Senator FANNIN. One thing you brought out when you said some of these ships that have been built are not being utilized for the purposes for which they have been constructed, although you have them in other services, evidently I understand not to the full extent. Can ships be built in time to move Alaskan oil or will we be faced with foreign shipbuilding?

Mr. Ream. Mr. Spahr has indicated that his company has built four ships, and our company has built five ships, in exactly the same situation. We have two 70,000-tonners and three 120's. There are four and five, which are fine ships already available to move the oil. I believe the number quoted by Mr. Simon, that 35 to 40 would be necessary at the 2-million-barrel-a-day level. With nine already between us, Mr. Chairman, my answer would be a resounding yes, it will be possible to have the ships available by the anticipated earlier start of the Alaska pipeline, which would be 1977, 1978.

Senator Fannin. Thank you very much, Mr. Ream. We have had discussions about the summary and the questions that you gentleman answered, I think you both referred to the questions asked of you, and you both stated you answered the questions from the chairman, and have given your conclusions with regard to what is contemplated.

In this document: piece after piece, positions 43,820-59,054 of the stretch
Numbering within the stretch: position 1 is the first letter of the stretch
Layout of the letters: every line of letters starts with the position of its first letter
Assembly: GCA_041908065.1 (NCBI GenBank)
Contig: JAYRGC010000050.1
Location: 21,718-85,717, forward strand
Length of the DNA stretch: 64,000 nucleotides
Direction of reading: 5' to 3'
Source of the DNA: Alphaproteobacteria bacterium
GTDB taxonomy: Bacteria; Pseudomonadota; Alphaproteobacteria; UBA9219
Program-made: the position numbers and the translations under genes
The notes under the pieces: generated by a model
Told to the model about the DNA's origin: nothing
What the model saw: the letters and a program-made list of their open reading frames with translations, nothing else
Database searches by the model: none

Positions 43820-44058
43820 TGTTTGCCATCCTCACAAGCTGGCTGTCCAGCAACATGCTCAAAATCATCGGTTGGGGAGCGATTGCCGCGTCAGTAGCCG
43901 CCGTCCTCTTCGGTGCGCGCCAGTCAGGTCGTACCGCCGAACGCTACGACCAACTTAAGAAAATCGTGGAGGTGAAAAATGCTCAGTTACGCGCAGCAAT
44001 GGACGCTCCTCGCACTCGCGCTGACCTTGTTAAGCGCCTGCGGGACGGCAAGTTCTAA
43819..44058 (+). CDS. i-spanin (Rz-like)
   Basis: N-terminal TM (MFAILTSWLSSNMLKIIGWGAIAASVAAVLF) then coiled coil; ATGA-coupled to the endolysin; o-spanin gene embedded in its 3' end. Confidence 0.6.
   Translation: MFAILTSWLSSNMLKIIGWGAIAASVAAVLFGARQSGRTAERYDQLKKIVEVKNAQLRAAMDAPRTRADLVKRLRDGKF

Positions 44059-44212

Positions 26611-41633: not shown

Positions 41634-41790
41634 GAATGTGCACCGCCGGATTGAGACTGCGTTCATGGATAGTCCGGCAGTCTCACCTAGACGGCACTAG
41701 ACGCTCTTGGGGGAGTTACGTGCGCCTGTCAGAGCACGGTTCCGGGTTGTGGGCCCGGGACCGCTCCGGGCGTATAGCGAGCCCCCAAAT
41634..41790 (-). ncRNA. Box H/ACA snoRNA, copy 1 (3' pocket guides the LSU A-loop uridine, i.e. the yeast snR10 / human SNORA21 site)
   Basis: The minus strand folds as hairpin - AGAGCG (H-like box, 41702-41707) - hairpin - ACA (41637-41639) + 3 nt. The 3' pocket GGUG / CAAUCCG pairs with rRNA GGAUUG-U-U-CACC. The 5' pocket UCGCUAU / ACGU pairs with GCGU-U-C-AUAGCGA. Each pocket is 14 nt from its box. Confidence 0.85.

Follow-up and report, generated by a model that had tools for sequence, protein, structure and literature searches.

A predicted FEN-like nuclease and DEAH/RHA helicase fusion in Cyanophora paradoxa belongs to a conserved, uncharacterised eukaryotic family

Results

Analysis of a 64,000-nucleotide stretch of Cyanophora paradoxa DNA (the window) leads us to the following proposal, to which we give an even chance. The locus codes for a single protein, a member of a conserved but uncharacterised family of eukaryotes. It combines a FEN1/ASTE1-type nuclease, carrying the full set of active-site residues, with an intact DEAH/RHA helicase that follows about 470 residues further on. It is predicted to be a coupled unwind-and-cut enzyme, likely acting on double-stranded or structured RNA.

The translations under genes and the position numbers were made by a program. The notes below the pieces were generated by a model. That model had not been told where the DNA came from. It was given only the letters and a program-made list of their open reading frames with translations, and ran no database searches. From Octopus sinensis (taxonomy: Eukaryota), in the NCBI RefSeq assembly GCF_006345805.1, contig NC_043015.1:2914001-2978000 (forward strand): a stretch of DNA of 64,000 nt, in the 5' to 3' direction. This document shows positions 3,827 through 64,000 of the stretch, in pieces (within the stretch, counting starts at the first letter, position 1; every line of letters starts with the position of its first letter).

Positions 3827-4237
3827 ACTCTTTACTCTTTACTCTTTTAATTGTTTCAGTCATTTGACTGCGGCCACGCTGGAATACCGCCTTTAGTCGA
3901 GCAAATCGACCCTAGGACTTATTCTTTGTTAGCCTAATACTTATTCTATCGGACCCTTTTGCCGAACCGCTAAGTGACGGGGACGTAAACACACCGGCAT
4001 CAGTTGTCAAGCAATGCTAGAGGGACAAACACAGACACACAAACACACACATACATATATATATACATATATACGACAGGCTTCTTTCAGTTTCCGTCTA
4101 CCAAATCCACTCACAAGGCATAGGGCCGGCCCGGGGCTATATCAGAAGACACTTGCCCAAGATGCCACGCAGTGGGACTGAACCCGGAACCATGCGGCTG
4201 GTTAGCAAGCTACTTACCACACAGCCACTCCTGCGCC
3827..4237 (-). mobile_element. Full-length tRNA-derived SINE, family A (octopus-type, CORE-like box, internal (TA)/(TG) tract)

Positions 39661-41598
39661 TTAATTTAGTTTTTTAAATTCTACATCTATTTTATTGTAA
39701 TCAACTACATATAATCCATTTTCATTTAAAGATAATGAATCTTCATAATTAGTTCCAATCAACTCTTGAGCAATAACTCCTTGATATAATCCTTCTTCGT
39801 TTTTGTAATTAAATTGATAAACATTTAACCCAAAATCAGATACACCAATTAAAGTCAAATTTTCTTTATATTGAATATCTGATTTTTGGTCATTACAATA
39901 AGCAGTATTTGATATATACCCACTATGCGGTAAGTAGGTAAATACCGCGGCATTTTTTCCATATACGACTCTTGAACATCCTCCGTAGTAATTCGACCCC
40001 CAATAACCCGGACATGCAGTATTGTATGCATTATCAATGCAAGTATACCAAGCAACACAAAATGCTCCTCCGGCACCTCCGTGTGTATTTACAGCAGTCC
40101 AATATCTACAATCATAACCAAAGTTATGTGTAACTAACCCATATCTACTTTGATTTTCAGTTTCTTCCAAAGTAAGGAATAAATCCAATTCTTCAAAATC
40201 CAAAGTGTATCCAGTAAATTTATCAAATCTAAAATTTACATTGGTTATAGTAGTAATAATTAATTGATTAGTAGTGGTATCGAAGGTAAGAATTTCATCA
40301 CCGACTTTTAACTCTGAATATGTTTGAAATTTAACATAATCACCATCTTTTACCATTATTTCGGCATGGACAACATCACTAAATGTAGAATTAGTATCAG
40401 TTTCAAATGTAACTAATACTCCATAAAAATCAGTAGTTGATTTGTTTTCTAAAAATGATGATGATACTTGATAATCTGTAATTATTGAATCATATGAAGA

I think, Mr. Spahr, you gave the answers or conclusions that I referred to earlier. Were you here when I was referring to some of your conclusions that had been given to us?

Mr. SPAHR. Yes.

Senator FANNIN. On the first page do you have a copy of them, I don't want to read that complete conclusion, but I am wondering if you could elaborate on that further. You have a good argument, but I am wondering if you can give a little more affirmation to your conclusion.

It reads: the decision to build the trans-Canada pipeline might severely aggravate Midwest supply. You gave some of that in your statement, and I was impressed with it, and for the best interest of the country and for your industry, you feel it is more beneficial to have the Alaskan pipeline and go down to the west coast.

Mr. SPAHR. Senator Fannin, to expand, we don't expect to run North Slope crude in our Ohio refineries. We expect we can work out reasonable exchange agreements with west coast refiners, and receive from them oil that may come from the midcontinent or sources offshore into the gulf coast and from there by pipeline into our Ohio refineries. So the fact that we have production in Alaska will assure us of support for our Midwest refineries. If we are forced to abandon th idea of a trans-Alaskan line, quite an interval of time will go by before a Canadian line can be constructed and put into operation. In the meantime it appears, unless something extraordinary is done in our country, demand in the United States will increase. At the moment no refineries are being added to our refinery complex in this country, there are none scheduled to be completed within the next few years, and it takes about 4 years from time of decision to time of completion of construction and commencement of operations. If refineries are to be added in the Midwest, those refiners are going to need a crude oil supply source. The pipeline system in the Midwest is running rather full, some small additions are contemplated, but not many, and if there is expansion of refinery capacity, crude oil pipeline facilities are going to have to be built. Such facilities would be of questionable value when North Slope crude begins to flow into the Midwest.